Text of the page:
Kerry to meet Hague for Syria talks

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US Secretary of State John Kerry will meet with his British counterpart William Hague on Wednesday to discuss Syria as Washington struggles to organize a peace conference to end the conflict.

Plans to bring together the Syrian regime of President Bashar al-Assad and the opposition at talks in Geneva have so far failed to come to fruition, and Hague at the weekend warned regime gains on the ground raised new hurdles.

President Barack Obama has asked his national security team, which includes Kerry, to “look at all options” to end the fighting, State Department spokeswoman Jen Psaki reiterated Tuesday, adding however there would be no American “boots on the ground.”

Kerry postponed a visit to the Middle East this week to attend meetings on Syria in Washington, amid reports that the Obama administration is thinking of ending its refusal to arm the Syrian opposition.

He is also trying to organize peace talks, but Psaki stressed “we’re not going to have the conference just to have the conference.

“We’re going to have the conference to move forward towards a political transition, and we want to make sure the environment is right to do just that.”

Assad’s forces, backed by thousands of Hezbollah fighters, have been emboldened by recent gains on the ground against the opposition, and Hague said Sunday that it was “worrying and depressing” that the so-called Geneva talks were not taking place this month.

“The regime has gained ground on the ground, again at the cost of huge loss of life and the indiscriminate use of violence against the civilian population,” Hague told BBC television.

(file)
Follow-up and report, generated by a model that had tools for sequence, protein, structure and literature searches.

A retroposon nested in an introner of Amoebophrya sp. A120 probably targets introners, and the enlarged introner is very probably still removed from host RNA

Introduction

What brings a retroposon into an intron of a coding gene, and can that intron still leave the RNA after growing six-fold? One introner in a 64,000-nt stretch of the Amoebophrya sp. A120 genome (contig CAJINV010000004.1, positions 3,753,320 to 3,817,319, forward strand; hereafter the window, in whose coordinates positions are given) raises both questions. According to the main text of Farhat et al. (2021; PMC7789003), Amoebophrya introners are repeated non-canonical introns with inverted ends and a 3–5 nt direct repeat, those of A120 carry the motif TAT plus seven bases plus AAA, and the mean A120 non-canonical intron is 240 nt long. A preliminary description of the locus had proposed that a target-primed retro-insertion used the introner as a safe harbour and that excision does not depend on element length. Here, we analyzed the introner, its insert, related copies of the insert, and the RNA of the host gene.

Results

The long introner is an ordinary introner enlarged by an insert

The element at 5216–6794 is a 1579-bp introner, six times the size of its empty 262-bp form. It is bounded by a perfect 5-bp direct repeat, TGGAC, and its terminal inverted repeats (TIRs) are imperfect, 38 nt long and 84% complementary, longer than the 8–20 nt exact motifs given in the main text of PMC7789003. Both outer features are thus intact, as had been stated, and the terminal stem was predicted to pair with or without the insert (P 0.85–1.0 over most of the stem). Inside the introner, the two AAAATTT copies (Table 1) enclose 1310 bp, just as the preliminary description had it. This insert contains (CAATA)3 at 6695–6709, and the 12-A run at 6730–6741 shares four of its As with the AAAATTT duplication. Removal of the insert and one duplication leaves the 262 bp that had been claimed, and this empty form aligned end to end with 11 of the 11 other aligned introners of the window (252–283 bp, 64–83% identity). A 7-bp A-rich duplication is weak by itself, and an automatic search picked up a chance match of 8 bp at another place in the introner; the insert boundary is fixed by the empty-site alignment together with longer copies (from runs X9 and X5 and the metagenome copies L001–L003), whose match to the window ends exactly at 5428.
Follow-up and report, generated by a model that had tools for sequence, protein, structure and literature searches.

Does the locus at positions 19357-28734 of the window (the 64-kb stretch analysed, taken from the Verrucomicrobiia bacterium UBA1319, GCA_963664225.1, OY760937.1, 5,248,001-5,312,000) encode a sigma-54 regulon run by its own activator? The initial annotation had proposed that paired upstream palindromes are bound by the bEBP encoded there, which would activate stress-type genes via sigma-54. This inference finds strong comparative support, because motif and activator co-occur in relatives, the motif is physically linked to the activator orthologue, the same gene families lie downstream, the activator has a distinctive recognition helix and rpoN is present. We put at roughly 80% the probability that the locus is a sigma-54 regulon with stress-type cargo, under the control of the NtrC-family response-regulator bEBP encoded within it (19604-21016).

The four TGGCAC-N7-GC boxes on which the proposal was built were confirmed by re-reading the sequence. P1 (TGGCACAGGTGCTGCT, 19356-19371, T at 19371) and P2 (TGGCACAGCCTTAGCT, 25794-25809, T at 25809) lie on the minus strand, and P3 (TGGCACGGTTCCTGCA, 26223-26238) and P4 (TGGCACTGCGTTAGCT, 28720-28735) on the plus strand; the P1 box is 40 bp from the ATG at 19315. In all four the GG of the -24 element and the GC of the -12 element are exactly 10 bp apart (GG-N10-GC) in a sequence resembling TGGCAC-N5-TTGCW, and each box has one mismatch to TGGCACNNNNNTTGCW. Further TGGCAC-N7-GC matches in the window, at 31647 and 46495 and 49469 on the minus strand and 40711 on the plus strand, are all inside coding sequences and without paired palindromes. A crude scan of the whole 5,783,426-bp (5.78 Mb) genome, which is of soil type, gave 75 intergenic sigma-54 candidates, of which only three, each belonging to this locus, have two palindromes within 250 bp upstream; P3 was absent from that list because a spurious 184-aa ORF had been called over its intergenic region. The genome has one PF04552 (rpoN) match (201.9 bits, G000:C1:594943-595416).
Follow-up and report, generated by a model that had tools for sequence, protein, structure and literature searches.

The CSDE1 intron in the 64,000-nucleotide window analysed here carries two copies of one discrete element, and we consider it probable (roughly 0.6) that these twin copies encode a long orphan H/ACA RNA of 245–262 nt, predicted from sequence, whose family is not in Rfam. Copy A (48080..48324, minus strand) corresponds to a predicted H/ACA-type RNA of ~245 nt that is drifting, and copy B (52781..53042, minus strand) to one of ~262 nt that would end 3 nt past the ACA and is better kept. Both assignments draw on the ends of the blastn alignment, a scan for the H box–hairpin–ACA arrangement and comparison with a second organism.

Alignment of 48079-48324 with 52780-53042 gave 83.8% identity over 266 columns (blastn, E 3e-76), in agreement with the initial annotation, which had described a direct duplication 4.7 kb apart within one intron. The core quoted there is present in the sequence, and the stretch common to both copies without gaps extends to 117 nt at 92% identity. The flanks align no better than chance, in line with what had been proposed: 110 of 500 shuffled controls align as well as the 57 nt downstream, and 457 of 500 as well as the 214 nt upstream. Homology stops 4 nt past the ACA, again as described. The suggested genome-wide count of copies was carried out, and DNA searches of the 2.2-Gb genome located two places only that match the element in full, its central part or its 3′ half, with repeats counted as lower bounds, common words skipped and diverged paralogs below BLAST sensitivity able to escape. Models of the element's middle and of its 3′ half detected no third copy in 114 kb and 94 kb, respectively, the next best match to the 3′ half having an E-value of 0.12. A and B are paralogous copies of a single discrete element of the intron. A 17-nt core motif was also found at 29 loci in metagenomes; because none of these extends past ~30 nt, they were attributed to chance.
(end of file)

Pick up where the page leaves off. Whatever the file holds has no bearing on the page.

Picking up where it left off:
“That makes the Geneva conference harder to bring about and to make a success. It makes it less likely that the regime will make enough concessions in such negotiations, and it makes it harder to get the opposition to come to the negotiations.”

The French foreign ministry on Tuesday also warned that the Syrian conflict is at a “turning point” after the fall of Qusayr last week, and with regime seeking to reclaim Aleppo.

“There are lessons to be drawn from what happened in Qusayr and what is happening in Aleppo,” said ministry spokesman Philippe Lalliot. “We cannot leave the opposition in the current state,” he said.

Both France and Britain have already called for nations to start arming the Syrian opposition to help tip the balance of power on the ground.

Meanwhile, Psaki said the United States would be open to the idea of taking in refugees from Syria after a UN appeal seeking a safe haven for the most vulnerable.

“The preferred option for refugees is typically going back to their home country when it is safe,” Psaki told reporters.

But since the UN had made an appeal “the United States is prepared to respond and will encourage others... to do the same.”

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